The Fed’s emergency intervention pulled the system back from the brink, but at great cost. Even now, the true value of the so-called toxic assets remains unknown. The Fed and Treasury have derailed attempts to create a public auction facility–like the Resolution Trust Corporation (RTC)–where prices can be determined and assets can be sold.  Billions in toxic waste now clog the Fed’s balance sheet. Ultimately, the losses will be passed on to the taxpayer.
Now that the economy is no longer on steroids, the financial system needs to be downsized.  The housing/equities bubble was generated by over-consumption that required high levels of debt-spending. That model requires cheap money and easy access to credit, conditions no longer exist. The economy has reset at a lower level of economic activity, so changes need to be made. The financial system needs to shrink.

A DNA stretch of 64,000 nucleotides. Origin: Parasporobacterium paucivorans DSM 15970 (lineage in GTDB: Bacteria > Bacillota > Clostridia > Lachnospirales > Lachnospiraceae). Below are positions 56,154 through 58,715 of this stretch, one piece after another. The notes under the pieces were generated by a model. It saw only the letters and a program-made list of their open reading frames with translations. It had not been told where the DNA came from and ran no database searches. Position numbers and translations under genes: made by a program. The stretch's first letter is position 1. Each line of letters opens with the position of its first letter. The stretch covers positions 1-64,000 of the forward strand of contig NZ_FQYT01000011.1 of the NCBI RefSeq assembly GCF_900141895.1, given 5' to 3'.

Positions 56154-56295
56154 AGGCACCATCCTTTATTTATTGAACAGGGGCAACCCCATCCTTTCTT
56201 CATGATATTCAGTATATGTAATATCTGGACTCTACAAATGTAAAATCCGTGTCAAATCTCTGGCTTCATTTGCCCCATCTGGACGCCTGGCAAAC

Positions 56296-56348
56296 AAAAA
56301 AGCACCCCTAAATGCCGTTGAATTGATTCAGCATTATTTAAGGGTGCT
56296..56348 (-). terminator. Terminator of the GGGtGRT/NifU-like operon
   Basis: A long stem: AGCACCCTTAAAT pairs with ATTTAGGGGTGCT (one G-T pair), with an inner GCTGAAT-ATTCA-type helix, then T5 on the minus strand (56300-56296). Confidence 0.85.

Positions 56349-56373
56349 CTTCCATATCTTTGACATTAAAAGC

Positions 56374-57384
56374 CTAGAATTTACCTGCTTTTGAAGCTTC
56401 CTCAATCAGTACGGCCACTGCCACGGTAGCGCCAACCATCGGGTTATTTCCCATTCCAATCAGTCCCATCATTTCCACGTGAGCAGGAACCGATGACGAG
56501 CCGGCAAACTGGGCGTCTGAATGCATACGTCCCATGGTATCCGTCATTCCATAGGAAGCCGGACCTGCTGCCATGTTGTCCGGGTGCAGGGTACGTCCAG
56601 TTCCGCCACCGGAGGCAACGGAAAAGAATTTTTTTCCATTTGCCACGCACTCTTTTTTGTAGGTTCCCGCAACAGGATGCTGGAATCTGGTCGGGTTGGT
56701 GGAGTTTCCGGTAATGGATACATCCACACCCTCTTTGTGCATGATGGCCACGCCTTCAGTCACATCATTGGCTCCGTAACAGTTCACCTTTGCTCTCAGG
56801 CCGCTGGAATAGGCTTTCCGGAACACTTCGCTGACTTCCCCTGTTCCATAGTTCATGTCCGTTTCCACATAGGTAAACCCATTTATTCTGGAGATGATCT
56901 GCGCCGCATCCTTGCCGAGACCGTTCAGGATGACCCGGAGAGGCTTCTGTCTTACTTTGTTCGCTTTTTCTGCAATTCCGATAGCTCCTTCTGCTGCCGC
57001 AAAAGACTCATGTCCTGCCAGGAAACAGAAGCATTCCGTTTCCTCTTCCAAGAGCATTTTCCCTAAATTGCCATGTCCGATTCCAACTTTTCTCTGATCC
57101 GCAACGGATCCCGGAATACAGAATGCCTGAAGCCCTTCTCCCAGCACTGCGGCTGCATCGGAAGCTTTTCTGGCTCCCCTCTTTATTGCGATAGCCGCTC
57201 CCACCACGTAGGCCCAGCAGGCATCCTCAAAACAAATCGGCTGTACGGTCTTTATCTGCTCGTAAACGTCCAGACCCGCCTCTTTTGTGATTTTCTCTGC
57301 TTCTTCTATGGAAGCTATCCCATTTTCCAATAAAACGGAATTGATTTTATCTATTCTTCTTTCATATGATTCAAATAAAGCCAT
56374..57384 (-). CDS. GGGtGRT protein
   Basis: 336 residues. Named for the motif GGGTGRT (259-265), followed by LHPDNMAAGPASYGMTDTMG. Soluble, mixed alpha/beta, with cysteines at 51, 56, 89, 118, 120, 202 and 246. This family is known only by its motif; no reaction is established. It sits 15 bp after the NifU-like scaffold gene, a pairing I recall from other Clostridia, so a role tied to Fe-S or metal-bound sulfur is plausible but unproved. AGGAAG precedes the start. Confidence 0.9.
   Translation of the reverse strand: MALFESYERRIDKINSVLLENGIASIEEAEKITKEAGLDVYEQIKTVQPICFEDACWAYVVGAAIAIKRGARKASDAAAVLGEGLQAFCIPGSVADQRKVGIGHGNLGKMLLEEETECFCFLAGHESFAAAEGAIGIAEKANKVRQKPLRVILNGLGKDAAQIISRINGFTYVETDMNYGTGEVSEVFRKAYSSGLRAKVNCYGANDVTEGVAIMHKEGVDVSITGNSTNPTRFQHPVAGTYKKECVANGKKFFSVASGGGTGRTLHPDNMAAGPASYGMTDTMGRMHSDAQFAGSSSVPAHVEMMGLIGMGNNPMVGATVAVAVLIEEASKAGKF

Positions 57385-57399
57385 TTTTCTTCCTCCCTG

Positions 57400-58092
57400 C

The problem is, the Fed’s “lending facilities” have removed any incentive for financial institutions to deleverage. Asset prices are propped up by low interest, rotating loans on dodgy collateral. While households have suffered huge losses (of nearly $14 trillion) in home equity and retirement savings; the financial behemoths have muddled through largely unscathed. The Fed handed Wall Street a golden parachute while ordinary working stiffs were kicked to the curb. That’s why household spending has plunged while the big brokerage houses are gearing up. Here’s an excerpt from an article by former Morgan Stanley analyst Andy Xie which explains what’s really going on: